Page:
Specific ethical considerations and practical issues that I will need to consider in planning my research design.
According to research (Gillespie, n.d.), there are three areas of risks involved in social research. First, my participants could be harmed as a result of their involvement in the study. The potential harm could include death or injury, stress, guilt, reduction in self-respect or self-esteem, unfair treatment, withheld benefits, and minor discomfort. Second, professional relationships and the knowledge base could be damaged. These risks could include falsification of data, plagiarism, abuse of confidentiality, and deliberate violation of regulations. Third, problems could result for the community or the society. Societal risks may involve the effect of cultural values and beliefs on the knowledge produced and the impact of that knowledge on society.
Gillespie also reports that research could harm special populations such as religious groups, racial or ethnic minorities, and individuals considered deviant. The data could create or reinforce the conditions of victimization or scapegoating. This is why individual researchers, professional associations, and the government have taken steps to minimize the risks encountered in research. Most of the effects are focused on protecting the participants.
In order to protect the participants in my study of, I would include informed consent for my participants. This is to make them aware of the design and procedures with enough details to exercise a rational decision to participate. The informed consent would also include the knowledge that participation is voluntary and my participants could withdraw from the study at any time ((Leedy & Ormrod, 2001).
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I would also screen my participants ahead of time before choosing, because this would provide me with the opportunity to select individuals for my study that showed a high tolerance for potential risks that may be involved (Gillespie, n.d.).
As a researcher, I realize that I must keep the nature and quality of my participant’s performance strictly confidential, thus as suggested by (Leedy & Ormrod, 2001), I would give each participant a code number and label along with written documents with that number rather than the participants name. In case a particular participant’s behavior is described in depth in my study such as it is in the phenomenological inquiry, my participant will be given a pseudonym to assure anonymity.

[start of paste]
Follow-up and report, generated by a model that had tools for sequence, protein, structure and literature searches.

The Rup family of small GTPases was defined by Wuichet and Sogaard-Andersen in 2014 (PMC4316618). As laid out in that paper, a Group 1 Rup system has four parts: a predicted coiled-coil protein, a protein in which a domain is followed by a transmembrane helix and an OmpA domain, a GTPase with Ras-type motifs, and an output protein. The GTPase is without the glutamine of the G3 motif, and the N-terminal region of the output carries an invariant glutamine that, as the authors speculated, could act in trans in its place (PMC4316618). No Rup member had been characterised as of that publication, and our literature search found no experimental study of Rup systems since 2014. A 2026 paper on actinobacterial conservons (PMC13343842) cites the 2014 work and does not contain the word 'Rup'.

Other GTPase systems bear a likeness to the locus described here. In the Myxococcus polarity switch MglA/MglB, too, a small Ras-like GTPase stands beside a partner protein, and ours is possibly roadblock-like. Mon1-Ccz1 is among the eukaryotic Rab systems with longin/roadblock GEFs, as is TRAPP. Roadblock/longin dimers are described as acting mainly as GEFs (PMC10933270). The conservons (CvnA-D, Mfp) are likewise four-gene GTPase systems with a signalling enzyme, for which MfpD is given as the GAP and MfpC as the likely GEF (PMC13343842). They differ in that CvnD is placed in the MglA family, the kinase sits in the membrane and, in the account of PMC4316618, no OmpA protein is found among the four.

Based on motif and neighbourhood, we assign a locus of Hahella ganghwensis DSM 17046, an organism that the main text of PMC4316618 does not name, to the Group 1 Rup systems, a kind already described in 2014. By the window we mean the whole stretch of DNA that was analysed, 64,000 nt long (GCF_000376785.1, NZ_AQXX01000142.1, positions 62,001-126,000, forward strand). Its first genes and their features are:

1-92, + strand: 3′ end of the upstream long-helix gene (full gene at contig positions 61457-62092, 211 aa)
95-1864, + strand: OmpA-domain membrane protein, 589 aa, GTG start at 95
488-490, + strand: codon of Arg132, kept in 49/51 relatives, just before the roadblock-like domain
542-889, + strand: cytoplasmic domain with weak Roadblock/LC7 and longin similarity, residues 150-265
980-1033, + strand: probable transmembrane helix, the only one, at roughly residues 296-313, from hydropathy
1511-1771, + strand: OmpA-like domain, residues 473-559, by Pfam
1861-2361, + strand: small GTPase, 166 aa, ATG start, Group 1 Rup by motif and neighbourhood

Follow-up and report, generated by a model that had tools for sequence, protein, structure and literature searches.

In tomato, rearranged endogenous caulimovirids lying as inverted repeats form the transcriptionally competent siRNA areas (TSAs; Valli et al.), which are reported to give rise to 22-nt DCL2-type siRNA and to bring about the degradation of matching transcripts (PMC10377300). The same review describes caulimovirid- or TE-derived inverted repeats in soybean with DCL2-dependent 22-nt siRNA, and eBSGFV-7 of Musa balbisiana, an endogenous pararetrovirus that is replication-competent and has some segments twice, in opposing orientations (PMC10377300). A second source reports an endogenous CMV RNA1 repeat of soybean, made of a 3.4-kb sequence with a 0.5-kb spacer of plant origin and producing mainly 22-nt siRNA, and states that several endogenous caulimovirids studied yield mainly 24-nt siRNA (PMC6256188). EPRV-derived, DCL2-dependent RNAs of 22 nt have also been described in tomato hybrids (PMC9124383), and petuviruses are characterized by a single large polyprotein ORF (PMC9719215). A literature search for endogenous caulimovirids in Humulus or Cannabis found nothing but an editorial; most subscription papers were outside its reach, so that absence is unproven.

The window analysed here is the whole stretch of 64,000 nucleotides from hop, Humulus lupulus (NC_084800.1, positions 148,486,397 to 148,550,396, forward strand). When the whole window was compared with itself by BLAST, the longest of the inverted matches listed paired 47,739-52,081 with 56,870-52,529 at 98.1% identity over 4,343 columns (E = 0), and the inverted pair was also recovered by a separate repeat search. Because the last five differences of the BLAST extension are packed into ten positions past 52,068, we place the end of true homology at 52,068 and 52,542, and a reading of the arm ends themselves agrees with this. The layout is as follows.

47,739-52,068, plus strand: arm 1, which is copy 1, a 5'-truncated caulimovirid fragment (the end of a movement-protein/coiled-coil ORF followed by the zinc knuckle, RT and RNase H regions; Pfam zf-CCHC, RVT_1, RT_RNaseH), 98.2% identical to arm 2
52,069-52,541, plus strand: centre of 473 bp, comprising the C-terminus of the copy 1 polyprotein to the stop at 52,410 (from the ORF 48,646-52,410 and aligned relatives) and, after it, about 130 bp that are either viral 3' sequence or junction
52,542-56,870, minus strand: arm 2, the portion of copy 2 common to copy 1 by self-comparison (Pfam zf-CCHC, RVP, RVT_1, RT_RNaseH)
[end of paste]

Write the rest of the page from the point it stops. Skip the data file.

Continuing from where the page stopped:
It is also important to be honesty with my professional colleagues. This is done by reporting my findings in a complete and honest fashion, without misrepresenting what I have done, or intentionally misleading others as to the nature of my findings. Under no circumstances, should I ever fabricate my data in order to support a particular conclusion, no matter how important that conclusion may be.
There are many ethical questions and dilemmas that psychologists encounter in their everyday practice, research, and teaching. As for the most, psychologists enter their perspective fields with a desire to promote human welfare, and directly or indirectly serve others, but unfortunately, it doesn’t always work out that way, therefore individual researchers, professional associations, and the government has taken these steps to minimize the risks encountered in research (Koocher & Keith-Spiegel, 1998).
This is why the ethical principles of psychologists and code of conduct is so important in research.
Regardless, of my training specialty, or work setting, I know that ethical dilemmas will arise, causing me to have to make action decisions. By being aware of the ethical standards of my profession, and by revealing how they may apply to a specific situation, hopefully, I will be able to make the right decision.
... avoiding certain goods or companies, understanding ethical choices becomes an important focus for researching as consumers. Ethical consumerism relates to economic globalization the dimensions ... way to do further research on the boycotted company’s and more information on the products.28 Ethical products are fair trade ...
Gillespie, D. F. (n.d., n.d.).
Ethical issues in research.. Retrieved November 24, 2008, from //www.uncp.edu/home/marson/ethical_issues.html
Koocher, G. P., & Keith-Spiegel, P. (1998).
Ethics in psychology: Professional standards and cases (2nd ed.).
New York: Oxford University Press.
Leedy, P. D., & Ormrod, J. E. (2001).
Practical research: Planning and design (7th ed.).
Upper Saddle River, New Jersey: Merrill Prentice Hall.